After his release from prison, John married Sarah Elizabeth “Lizzie” Frye, a daughter of John Henan and Ida Cosby (Headley) Frye. The Fryes lived on Sulphur Springs Fork of Fourteen Mile Creek, several miles below Harts Creek. Lizzie, born around 1887, was roughly eighteen years younger than John. They may have become acquainted through John’s brother, William, who had married Lizzie’s aunt, Luraney Frye, in 1891.

“Aunt Lizzie was married to John Fleming,” said Willard Frye, an elderly resident of Frye Ridge, in a 2003 interview. “John was a mean man who packed two .45 pistols. He was a member of Charley Brumfield’s gang. He was mean to Aunt Lizzie.”

Fleming’s involvement in the Brumfield gang soon led to more prison time. In the summer of 1907, the “feudist,” as newspapers would later call him, became entangled in the peculiar “Adkins conspiracy case.”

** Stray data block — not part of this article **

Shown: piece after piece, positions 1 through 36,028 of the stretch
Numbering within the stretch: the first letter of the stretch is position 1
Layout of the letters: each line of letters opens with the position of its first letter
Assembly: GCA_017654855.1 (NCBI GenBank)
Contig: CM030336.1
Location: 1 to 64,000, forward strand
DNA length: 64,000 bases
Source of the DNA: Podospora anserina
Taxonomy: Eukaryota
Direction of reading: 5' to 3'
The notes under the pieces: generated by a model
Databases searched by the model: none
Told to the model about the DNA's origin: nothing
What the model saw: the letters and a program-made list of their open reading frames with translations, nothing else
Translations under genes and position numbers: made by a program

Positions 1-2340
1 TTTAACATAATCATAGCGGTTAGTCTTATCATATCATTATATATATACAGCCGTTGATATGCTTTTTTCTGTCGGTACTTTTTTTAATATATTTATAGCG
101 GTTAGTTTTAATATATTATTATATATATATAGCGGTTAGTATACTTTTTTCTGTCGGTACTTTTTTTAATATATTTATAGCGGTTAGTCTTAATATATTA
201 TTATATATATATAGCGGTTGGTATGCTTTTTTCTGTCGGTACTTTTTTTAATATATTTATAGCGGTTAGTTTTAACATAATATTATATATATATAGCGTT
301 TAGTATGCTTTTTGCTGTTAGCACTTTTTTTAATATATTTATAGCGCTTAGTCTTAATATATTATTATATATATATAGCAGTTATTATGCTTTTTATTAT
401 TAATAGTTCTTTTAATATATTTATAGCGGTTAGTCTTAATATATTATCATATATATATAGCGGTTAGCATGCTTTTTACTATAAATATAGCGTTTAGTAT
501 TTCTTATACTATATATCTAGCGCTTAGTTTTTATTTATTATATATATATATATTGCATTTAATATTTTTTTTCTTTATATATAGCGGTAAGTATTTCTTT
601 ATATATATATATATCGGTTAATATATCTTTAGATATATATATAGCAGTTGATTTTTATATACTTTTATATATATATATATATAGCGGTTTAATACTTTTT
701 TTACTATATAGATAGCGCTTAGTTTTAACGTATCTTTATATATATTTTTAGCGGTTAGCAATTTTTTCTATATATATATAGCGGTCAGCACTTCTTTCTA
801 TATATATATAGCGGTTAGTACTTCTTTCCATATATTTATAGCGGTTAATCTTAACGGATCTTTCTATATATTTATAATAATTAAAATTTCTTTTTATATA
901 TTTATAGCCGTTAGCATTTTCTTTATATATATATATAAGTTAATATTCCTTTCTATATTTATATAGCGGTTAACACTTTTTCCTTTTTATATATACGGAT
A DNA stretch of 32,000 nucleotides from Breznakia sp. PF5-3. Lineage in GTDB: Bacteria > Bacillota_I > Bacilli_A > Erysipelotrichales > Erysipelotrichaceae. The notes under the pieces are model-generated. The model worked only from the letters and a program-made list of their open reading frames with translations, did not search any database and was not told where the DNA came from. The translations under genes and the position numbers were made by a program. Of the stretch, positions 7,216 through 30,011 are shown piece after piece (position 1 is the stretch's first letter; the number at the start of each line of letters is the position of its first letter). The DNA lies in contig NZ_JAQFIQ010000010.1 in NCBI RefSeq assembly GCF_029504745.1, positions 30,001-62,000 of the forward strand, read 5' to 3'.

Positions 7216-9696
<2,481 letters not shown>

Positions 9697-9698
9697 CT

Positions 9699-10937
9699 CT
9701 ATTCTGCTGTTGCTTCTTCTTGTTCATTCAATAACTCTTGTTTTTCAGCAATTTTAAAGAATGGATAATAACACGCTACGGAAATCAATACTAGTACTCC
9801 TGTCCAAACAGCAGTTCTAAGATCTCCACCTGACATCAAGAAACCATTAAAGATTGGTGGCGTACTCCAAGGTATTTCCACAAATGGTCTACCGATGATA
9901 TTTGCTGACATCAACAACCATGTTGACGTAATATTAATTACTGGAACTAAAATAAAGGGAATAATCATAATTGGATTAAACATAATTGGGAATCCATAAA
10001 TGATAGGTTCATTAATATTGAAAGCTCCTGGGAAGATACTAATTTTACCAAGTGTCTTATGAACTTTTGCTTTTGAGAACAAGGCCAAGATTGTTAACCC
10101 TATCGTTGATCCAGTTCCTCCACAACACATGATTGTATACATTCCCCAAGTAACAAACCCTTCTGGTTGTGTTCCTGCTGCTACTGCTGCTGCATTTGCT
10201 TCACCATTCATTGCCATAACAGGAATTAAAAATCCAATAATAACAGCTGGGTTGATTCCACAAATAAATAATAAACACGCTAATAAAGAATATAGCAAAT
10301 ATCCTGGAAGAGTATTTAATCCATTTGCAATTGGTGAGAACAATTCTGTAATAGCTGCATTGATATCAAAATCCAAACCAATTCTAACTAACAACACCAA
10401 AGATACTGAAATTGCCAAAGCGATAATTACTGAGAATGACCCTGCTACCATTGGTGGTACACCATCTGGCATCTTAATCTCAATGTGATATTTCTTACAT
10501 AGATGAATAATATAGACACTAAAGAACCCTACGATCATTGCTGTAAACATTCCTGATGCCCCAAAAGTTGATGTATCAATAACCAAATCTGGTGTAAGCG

A little earlier, in December of 1906, Margaret Adkins, Fisher B. Adkins, Floyd Enos Adkins, Albert G. Adkins and Fed Adkins — all associates in an Adkins general store business in Harts — took out a four-month loan for $600 from the Huntington National Bank. By April 1907, they had not paid any money toward the loan and asked for a four-month extension. In late June or July, Margaret Adkins, sister to Fed, filed a bankruptcy petition. On July 3, the District Court of the United States for the Southern District of West Virginia adjudged her bankrupt. J.P. Douglass (later a Speaker of the West Virginia House of Delegates) was appointed as receiver in the case and arrived in Hart to survey the business. A.L. Smith stood guard at the store.

On July 5, after the government had taken control of the merchandise in the store, a vigilante group called the Night Riders robbed the store and hid the various goods in neighbors’ homes and barns.